Jamie McGuire is, according to her own website’s bio, an award-winning indie author who has paved the way in New Adult fiction. With 23 published books and a lot more upcoming projects it is likely you have come across her books at one point or another. Inspired into becoming an author by her ongoing interest in journaling and blogging, McGuire’s books fall into genres such as YA paranormal, apocalyptic thrillers, dark science-fiction and a lot of romance.
Welcome to the “What’s the Deal With…” series; a place where we deep dive into the facts surrounding the drama, cancel culture and problematic issues of those within the book community.
These posts are to enlighten you about why certain names are being thrown around, discussed and/or bad-mouthed on the internet. They are not intended to shine hate on any one person, rather to lay out the facts and provide unbiased commentary on news in the book industry.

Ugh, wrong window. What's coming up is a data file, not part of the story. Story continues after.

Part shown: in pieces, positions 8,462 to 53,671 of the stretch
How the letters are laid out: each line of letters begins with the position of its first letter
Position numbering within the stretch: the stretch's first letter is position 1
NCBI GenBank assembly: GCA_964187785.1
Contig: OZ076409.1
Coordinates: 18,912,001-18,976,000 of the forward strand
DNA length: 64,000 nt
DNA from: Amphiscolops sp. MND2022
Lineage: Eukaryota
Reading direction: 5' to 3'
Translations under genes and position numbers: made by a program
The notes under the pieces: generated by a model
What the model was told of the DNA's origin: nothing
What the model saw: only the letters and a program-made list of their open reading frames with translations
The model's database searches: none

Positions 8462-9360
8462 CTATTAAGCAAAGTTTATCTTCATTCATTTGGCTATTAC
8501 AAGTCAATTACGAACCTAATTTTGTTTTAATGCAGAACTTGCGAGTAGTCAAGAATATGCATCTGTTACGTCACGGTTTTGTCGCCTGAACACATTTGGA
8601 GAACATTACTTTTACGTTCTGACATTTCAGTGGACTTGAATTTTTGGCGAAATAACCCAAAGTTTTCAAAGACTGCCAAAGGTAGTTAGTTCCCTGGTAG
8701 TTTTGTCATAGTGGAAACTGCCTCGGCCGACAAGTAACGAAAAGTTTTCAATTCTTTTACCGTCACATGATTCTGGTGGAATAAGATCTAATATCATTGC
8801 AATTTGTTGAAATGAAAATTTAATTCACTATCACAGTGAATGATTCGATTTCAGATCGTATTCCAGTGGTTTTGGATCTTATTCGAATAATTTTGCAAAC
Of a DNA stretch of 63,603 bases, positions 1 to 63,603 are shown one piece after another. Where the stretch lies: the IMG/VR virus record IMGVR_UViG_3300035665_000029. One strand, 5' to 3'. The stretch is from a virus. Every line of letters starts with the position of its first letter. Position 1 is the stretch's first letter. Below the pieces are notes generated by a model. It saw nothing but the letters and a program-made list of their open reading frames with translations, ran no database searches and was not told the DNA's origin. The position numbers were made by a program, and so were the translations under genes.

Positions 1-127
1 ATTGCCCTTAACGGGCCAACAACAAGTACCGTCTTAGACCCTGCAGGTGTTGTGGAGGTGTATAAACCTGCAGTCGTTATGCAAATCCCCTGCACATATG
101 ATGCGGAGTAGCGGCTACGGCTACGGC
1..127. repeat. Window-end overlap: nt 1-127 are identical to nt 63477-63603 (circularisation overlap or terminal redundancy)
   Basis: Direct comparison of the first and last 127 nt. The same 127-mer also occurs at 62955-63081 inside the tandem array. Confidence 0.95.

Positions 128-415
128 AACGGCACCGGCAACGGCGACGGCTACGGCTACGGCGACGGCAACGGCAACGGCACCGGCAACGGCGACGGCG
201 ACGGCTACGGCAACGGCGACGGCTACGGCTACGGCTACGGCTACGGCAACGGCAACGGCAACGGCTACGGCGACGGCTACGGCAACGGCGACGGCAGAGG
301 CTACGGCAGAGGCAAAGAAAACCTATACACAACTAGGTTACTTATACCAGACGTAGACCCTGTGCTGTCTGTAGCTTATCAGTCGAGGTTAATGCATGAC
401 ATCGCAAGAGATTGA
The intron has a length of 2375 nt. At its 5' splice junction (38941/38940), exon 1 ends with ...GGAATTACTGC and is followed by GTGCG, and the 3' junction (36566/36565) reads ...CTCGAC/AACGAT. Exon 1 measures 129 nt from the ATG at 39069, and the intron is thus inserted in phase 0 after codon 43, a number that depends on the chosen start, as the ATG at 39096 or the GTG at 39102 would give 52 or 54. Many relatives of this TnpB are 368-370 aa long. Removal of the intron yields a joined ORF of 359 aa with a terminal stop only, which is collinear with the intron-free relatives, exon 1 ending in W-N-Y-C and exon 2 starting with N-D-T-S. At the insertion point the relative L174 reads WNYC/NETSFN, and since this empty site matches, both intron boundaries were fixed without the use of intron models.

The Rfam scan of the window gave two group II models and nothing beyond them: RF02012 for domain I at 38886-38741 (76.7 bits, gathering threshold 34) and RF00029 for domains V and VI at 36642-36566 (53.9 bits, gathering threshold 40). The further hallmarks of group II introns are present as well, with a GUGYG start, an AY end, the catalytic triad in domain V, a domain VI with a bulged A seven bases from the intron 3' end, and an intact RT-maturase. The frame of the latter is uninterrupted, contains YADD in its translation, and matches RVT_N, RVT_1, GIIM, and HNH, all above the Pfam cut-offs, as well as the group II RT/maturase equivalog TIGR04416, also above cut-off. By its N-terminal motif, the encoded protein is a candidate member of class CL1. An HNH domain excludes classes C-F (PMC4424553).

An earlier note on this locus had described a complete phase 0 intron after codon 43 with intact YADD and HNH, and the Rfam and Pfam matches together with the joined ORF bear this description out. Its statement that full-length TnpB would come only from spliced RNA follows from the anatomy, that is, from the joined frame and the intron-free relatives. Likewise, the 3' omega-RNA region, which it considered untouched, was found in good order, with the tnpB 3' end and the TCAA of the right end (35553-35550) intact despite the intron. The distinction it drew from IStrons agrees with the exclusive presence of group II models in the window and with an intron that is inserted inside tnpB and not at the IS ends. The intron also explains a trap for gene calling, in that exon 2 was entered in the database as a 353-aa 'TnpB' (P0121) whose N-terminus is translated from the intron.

All facts will be provided with some type of screenshot, link or citation. If you notice any mistakes or key missing details regarding the story, please feel free to let me know in the comments below.
And with that said – What’s the Deal With… Jamie McGuire?
Why is Jamie McGuire now popping up on my Twitter feed with readers being upset about the amount of mutuals they have following her social media account? Well let’s jump back a bit because this isn’t the first time that Jamie McGuire has been called out by readers.
Note: Let it be known that I have not personally read any of the books by this author. All opinions regarding McGuire’s publications are from reviews which are linked in the post.
Jamie McGuire has become a bit of a name when it comes to problematic fiction. In particular, her writing has been called out for the inclusion and treatment of abusive relationship narratives in particular.
Some of the descriptions of McGuire’s books found in various reviews include:
- “intimate partner violence“ (Beautiful Disaster)
- “…Abby is more of a possession than a person to Travis“ (Beautiful Disaster)
- “…he is the most misogynist, sexist pig I’ve ever had the non-pleasure of reading about.“ (Walking Disaster)